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Twitter reveals further details about the large-scale hack of celebrity accounts

The company said hackers attempted to mislead certain employees.

Image: Shutterstock/khak

TWITTER SAYS THE hackers responsible for a recent high-profile breach fooled the social media company’s employees into giving them access over the phone.

The company has revealed more details about the hack earlier this month, which it said targeted “a small number of employees through a phone spear-phishing attack”.

“This attack relied on a significant and concerted attempt to mislead certain employees and exploit human vulnerabilities to gain access to our internal systems,” the company tweeted.

The 15 July attack compromised the accounts of some of its most high-profile users, including Tesla CEO Elon Musk and celebrities Kanye West and his wife, Kim Kardashian West, in an apparent attempt to lure their followers into sending money to an anonymous Bitcoin account.

After stealing employee credentials and getting into Twitter’s systems, the hackers were able to target other employees who had access to account support tools, the company said.

The hackers targeted 130 accounts. They managed to tweet from 45 accounts, access the direct message inboxes of 36, and download the Twitter data from seven. Dutch anti-Islam MP Geert Wilders has said his inbox was among those accessed.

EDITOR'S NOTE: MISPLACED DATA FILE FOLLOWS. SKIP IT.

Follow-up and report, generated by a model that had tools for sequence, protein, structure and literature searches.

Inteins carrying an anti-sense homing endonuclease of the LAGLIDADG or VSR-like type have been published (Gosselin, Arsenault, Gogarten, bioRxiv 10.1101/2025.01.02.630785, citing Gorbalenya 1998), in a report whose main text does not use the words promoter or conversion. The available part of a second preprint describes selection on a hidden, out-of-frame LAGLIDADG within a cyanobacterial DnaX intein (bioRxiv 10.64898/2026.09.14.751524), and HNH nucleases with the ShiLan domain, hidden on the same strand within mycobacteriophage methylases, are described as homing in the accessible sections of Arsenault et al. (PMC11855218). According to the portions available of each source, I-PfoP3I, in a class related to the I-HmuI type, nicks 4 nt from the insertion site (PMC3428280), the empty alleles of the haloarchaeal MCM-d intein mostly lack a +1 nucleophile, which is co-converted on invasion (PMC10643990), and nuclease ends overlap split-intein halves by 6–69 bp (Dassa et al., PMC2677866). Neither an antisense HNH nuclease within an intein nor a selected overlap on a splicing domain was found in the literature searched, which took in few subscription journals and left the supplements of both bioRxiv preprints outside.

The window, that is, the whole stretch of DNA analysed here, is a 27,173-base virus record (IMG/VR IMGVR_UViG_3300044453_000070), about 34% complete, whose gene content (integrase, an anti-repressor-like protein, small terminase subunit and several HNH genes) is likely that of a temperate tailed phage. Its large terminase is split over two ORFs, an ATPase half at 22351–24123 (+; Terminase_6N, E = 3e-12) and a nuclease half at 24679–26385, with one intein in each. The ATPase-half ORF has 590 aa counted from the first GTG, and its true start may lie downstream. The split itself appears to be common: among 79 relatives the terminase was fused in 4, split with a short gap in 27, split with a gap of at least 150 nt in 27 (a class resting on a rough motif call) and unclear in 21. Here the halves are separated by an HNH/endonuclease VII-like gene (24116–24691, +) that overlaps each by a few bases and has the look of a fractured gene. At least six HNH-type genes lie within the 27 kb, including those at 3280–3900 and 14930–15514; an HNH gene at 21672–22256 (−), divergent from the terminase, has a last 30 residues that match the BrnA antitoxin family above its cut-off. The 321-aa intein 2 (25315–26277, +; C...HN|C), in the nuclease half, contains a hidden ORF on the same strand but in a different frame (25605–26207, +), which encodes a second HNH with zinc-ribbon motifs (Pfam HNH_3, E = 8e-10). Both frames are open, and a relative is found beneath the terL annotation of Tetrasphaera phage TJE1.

Spear-phishing is a more targeted version of phishing, an impersonation scam that uses email or other electronic communications to deceive recipients into handing over sensitive information.

Twitter said it would provide a more detailed report later “given the ongoing law enforcement investigation.”

The company has previously said the incident was a “co-ordinated social engineering attack” that targeted some of its employees with access to internal systems and tools.

It did not provide any more information about how the attack was carried out.

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British cybersecurity analyst Graham Cluley said his guess was that a targeted Twitter employee or contractor received a message by phone asking them to call a number.

“When the worker called the number they might have been taken to a convincing (but fake) helpdesk operator, who was then able to use social engineering techniques to trick the intended victim into handing over their credentials,” Clulely wrote on his blog on Friday.

It is also possible the hackers pretended to call from the company’s legitimate help line by spoofing the number, he said.

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